Premier League chief executive Richard Masters has revealed that the league’s top priority is to get fans back into the stadium with them waiting on the government’s testing programme. The 2019/20 season was finished behind closed doors across Europe although fans and critics alike hope that change.
With the 2020/21 Premier League, amongst others, set to be played behind closed doors, it has fans and clubs alike concerned about the future of football. However, testing programmes have been implemented so far with stadiums filled at capacity in order to help fans stay safe but at the same time watch their favourite sport. More importantly, for clubs, it will allow them to curb a potential £700 million loss for the upcoming season if games are not played behind closed doors anymore.
There are plans being put into action that could see fans return as soon as October in England with that changing across Europe. Reports have indicated, however, that Germany could have fans inside as soon as the end of September although nothing has been confirmed as of yet. Yet the aim, however, according to Richard Masters, is to get fans back inside stadiums. The Premier League’s chief executive further added that they’re waiting to see the results of the government’s testing programme before deciding anything.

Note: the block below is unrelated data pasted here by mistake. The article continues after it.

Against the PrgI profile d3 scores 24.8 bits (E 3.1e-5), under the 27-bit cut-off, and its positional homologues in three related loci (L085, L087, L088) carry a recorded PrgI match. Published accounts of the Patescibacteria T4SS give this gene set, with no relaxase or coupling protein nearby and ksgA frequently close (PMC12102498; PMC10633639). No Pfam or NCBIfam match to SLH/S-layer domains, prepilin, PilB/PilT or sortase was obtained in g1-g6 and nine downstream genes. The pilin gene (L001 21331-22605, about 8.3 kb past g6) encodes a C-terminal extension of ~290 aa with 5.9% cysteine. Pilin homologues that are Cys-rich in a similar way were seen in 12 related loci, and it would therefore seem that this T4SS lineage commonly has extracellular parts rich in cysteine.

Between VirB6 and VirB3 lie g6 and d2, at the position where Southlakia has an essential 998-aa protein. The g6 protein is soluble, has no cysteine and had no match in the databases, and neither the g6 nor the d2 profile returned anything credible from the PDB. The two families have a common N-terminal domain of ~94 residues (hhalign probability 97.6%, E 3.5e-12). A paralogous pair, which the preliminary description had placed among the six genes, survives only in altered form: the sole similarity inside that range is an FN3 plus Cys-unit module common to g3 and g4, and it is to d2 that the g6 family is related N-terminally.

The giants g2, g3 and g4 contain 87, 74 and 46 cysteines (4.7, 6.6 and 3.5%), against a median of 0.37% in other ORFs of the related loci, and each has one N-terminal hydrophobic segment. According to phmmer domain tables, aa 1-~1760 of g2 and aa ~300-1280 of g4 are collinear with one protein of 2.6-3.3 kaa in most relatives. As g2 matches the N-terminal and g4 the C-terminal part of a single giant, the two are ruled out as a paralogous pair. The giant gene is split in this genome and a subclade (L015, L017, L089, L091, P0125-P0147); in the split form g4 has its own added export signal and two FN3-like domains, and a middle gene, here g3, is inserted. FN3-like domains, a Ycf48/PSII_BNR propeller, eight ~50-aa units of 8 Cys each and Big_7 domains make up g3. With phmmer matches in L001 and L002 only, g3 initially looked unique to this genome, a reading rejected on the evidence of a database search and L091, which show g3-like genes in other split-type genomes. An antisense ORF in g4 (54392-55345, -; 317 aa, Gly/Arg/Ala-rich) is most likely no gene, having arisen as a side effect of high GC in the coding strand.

"We have to get back to fans inside stadia as quickly as possible - that's the big thing that's missing, economic or otherwise - we need fans back inside stadiums for all sorts of reasons and it's the number one priority. It doesn't lower our ambitions - it just means that we'll have to adapt - it's one thing we've shown over recent months, we're able to adapt to the situation,” Masters told BBC.
"We wait to see what impact it has on the government's testing programme, and permissions it's going to give, and also on that crucial October 1 date. We wait to see what the government decides and we'll remain in dialogue with them throughout. We always knew September was going to be a difficult month at the start of the return to normality the government was talking about, and so we should anticipate bumps in the road."